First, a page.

Whether you wear a full wig, permanent hair extensions or just temporary add-ons, frizzy synthetic hair is a common problem. Excess frizz can leave your faux mane looking unkempt, which is a disgrace to the amount of money you probably spent on it. Taking care of your synthetic hair requires very little; getting rid of frizz is similar to removing frizz on natural hair.
Brush your hair with a soft bristle brush and eliminate any tangles two to three times a day. You should always do this before washing it, as well.
Purchase a high quality shampoo that works well on synthetic tresses. You can talk to your stylist about products best for you and your hair type or refer to the directions for synthetic hair. As a general rule, use products that have little, if any, alcohol and plenty of natural ingredients.
Wet your hair slowly before washing. To do this, get water on your hands or a comb and run your fingers/comb through your hair. The HairExtensionGuide.com says that synthetic hair is more dry than normal hair, causing it to swell, tangle and frizz when a lot of water is applied at once.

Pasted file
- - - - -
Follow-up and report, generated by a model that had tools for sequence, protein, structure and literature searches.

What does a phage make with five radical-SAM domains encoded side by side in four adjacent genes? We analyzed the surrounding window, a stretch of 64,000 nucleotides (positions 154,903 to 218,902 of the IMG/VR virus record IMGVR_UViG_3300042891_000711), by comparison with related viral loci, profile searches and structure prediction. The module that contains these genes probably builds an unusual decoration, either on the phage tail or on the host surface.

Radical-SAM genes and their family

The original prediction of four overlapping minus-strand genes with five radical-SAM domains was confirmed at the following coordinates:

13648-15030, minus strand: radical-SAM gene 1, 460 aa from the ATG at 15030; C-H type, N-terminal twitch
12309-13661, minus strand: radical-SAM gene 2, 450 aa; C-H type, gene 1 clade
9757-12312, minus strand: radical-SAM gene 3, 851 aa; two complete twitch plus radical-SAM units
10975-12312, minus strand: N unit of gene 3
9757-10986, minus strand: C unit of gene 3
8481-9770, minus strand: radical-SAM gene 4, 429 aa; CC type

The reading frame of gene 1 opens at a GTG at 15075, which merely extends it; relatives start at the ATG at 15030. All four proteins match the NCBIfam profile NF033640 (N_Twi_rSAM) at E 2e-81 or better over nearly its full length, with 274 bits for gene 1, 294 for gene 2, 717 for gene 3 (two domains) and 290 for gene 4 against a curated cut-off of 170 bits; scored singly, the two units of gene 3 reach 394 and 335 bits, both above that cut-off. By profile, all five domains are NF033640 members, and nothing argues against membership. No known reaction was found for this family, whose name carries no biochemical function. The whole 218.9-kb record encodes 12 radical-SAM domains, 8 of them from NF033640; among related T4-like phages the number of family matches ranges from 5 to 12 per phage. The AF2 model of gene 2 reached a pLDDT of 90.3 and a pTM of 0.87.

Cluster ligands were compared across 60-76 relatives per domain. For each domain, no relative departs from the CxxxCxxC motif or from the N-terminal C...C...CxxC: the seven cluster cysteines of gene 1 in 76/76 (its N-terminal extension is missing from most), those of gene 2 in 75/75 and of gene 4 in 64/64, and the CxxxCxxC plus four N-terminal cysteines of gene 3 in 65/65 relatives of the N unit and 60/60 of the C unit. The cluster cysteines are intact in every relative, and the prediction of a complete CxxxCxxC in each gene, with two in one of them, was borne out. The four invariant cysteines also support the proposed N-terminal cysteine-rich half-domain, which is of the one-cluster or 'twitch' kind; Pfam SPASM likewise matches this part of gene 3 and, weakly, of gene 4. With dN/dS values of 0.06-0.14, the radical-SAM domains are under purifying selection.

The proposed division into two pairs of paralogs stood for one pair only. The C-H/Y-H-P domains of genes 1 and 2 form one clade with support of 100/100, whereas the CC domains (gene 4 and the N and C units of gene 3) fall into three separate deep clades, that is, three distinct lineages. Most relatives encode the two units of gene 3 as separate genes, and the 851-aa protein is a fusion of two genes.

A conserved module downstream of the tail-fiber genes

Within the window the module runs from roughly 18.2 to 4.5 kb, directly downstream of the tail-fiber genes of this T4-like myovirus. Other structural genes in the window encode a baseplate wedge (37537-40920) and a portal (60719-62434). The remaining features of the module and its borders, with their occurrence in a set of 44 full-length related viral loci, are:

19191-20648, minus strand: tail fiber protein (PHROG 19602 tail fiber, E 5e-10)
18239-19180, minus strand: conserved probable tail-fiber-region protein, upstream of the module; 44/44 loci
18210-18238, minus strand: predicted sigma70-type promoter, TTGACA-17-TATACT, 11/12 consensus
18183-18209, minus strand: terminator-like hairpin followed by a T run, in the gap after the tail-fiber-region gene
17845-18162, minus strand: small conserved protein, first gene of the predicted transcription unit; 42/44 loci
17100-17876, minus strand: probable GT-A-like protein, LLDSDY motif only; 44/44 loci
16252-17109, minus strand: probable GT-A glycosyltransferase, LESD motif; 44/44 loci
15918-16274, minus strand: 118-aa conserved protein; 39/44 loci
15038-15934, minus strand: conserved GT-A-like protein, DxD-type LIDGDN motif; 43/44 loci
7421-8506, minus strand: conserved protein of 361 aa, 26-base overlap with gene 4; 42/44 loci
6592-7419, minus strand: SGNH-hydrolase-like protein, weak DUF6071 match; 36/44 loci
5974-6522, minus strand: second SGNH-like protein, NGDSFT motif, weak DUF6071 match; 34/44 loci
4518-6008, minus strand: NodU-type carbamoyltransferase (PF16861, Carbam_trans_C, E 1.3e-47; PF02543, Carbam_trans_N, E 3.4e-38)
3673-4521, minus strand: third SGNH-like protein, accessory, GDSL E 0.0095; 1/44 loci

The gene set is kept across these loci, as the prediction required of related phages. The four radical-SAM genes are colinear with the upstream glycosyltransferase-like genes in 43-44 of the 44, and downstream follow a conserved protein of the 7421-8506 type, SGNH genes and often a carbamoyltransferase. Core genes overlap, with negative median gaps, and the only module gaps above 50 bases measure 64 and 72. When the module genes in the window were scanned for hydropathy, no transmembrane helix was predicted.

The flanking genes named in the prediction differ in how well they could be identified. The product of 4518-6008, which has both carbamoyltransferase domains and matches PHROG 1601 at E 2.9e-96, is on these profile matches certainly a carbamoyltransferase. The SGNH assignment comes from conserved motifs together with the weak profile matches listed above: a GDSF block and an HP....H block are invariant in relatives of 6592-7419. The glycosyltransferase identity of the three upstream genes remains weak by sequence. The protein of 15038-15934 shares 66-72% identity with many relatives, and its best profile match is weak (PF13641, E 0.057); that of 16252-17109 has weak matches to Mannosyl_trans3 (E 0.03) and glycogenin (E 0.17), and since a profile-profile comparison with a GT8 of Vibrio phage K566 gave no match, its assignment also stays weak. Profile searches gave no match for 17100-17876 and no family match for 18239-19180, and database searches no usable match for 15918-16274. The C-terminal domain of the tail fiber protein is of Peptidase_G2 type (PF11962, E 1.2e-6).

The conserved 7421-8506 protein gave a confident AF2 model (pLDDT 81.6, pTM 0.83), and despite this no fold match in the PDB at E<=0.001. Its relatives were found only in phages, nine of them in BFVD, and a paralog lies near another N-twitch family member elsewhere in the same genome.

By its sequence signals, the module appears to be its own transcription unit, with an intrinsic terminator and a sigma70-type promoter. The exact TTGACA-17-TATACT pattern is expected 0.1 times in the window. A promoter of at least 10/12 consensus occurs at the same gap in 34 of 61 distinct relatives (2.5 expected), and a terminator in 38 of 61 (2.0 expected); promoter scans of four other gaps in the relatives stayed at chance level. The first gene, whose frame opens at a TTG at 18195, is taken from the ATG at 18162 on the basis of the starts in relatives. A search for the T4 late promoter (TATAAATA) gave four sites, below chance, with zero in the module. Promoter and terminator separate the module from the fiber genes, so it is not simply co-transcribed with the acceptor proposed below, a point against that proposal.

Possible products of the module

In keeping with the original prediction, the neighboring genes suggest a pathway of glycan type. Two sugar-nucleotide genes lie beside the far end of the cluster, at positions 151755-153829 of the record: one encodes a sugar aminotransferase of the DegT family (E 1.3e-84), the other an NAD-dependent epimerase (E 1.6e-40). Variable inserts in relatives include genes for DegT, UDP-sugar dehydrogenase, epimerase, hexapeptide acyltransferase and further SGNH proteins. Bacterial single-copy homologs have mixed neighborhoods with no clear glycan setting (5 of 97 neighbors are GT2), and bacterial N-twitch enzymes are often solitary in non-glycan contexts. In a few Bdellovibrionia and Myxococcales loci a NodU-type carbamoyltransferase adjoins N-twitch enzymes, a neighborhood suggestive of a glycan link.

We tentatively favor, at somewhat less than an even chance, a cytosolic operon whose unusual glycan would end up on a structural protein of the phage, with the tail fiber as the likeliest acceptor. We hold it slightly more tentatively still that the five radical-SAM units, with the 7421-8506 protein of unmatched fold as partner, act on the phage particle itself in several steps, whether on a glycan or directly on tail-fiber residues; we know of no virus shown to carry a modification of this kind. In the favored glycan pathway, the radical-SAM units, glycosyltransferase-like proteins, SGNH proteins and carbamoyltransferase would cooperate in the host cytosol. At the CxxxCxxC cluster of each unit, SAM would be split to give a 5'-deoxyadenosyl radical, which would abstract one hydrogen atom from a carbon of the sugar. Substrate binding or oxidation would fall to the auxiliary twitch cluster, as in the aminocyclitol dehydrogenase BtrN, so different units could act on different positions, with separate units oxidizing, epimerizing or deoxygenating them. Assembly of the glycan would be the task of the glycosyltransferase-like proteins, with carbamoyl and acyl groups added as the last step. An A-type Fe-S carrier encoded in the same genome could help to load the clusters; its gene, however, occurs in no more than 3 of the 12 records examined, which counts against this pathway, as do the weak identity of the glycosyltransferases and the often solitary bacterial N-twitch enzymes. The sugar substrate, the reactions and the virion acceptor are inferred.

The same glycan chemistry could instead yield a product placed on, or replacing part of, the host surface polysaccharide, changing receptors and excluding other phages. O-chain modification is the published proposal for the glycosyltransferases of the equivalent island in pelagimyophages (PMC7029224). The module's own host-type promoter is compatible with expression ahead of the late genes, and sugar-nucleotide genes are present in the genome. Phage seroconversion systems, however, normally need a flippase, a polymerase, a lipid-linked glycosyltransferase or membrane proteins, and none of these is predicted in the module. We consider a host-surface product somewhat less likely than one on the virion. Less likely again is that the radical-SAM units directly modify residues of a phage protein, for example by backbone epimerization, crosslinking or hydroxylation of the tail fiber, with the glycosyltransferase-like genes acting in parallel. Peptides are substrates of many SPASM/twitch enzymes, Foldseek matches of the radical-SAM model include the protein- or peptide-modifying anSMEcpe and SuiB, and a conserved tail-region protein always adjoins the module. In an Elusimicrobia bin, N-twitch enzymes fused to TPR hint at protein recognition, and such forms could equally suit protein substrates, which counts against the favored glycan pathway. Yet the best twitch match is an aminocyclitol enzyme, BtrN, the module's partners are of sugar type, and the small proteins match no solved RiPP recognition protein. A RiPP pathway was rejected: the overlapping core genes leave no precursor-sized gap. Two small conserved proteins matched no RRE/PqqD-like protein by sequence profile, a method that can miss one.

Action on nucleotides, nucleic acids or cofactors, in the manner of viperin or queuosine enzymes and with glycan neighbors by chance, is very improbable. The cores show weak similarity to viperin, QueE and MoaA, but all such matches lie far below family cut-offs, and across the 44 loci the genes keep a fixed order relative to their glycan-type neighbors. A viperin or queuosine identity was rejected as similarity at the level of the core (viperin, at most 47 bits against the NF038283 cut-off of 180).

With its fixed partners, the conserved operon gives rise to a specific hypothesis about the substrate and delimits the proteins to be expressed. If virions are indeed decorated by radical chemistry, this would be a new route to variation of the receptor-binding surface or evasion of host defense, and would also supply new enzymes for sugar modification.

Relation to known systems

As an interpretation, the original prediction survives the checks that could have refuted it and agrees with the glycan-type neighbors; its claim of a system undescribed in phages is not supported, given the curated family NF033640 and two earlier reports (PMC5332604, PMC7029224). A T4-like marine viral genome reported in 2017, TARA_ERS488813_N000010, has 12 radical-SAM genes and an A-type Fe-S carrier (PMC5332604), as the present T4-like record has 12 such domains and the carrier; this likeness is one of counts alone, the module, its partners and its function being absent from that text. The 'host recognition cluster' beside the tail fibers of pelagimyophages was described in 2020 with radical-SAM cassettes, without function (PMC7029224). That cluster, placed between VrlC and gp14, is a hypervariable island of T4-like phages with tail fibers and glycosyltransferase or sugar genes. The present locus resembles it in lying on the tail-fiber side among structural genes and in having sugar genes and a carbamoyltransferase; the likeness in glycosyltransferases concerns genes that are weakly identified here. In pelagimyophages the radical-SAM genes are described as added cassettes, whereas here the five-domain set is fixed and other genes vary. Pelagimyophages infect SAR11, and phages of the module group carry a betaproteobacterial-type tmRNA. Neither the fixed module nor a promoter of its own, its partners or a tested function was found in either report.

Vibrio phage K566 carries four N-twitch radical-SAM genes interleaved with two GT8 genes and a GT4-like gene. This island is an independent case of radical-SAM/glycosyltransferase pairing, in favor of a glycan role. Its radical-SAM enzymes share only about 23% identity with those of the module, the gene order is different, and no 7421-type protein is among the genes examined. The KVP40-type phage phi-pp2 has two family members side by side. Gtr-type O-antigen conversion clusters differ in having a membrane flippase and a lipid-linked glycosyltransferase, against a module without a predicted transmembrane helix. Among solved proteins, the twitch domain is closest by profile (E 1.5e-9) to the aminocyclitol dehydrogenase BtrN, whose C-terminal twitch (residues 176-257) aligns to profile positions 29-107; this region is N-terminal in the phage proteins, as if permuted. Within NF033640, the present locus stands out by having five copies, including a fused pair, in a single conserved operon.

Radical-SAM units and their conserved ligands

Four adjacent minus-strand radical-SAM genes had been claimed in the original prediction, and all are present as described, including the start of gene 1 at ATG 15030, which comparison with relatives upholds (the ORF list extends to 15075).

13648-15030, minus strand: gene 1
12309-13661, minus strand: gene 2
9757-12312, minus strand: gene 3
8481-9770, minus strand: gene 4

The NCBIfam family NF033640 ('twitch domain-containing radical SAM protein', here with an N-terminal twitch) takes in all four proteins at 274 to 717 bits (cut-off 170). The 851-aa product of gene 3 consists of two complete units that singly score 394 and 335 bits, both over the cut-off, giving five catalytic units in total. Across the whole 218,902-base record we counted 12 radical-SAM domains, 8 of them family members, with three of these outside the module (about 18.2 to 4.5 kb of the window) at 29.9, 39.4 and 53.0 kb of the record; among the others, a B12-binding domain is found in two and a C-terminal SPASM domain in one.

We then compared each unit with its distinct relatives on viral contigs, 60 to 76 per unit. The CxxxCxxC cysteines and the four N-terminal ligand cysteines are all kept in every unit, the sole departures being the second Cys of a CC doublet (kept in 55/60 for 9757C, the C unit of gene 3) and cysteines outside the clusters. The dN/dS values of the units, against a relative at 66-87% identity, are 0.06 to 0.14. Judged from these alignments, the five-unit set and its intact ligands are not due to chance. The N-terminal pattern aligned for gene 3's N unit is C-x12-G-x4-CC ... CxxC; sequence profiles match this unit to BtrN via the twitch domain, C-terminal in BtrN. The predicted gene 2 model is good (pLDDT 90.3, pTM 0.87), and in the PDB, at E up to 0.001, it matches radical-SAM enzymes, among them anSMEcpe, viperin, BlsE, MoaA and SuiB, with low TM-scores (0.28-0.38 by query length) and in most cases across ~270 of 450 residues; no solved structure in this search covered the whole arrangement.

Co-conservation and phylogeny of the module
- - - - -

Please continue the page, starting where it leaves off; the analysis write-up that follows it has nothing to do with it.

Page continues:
Wash your hair downward, working from the crown of your head to the base of your roots. This will reduce the potential for frizzing once your hair dries. Also, avoid rubbing your hair dry with a towel when you are finished washing it. This creates unnecessary frizz and damages both your real and faux hair.
Avoid applying excess heat or chemical products to your hair. This will decrease the longevity of your hair extensions and can contribute to major frizzing. That includes blow drying, straightening irons, perms and dye.
Apply a dime-sized amount of hair serum on dry hair to smooth down any hairs out of place and prevent future frizz. You can also use a flexible hairspray to maintain a healthy-looking, non-frizzy do throughout the day.
Wendy Rose Gould is a professional journalist who has contributed to "Glamour" magazine and the Huffington Post, among other publications. After internships at the "Indianapolis Business Journal," "Kiwanis International" and "NUVO Newsweekly," she earned BA degrees in journalism and philosophy from Franklin College in 2008. Gould specializes in lifestyle topics.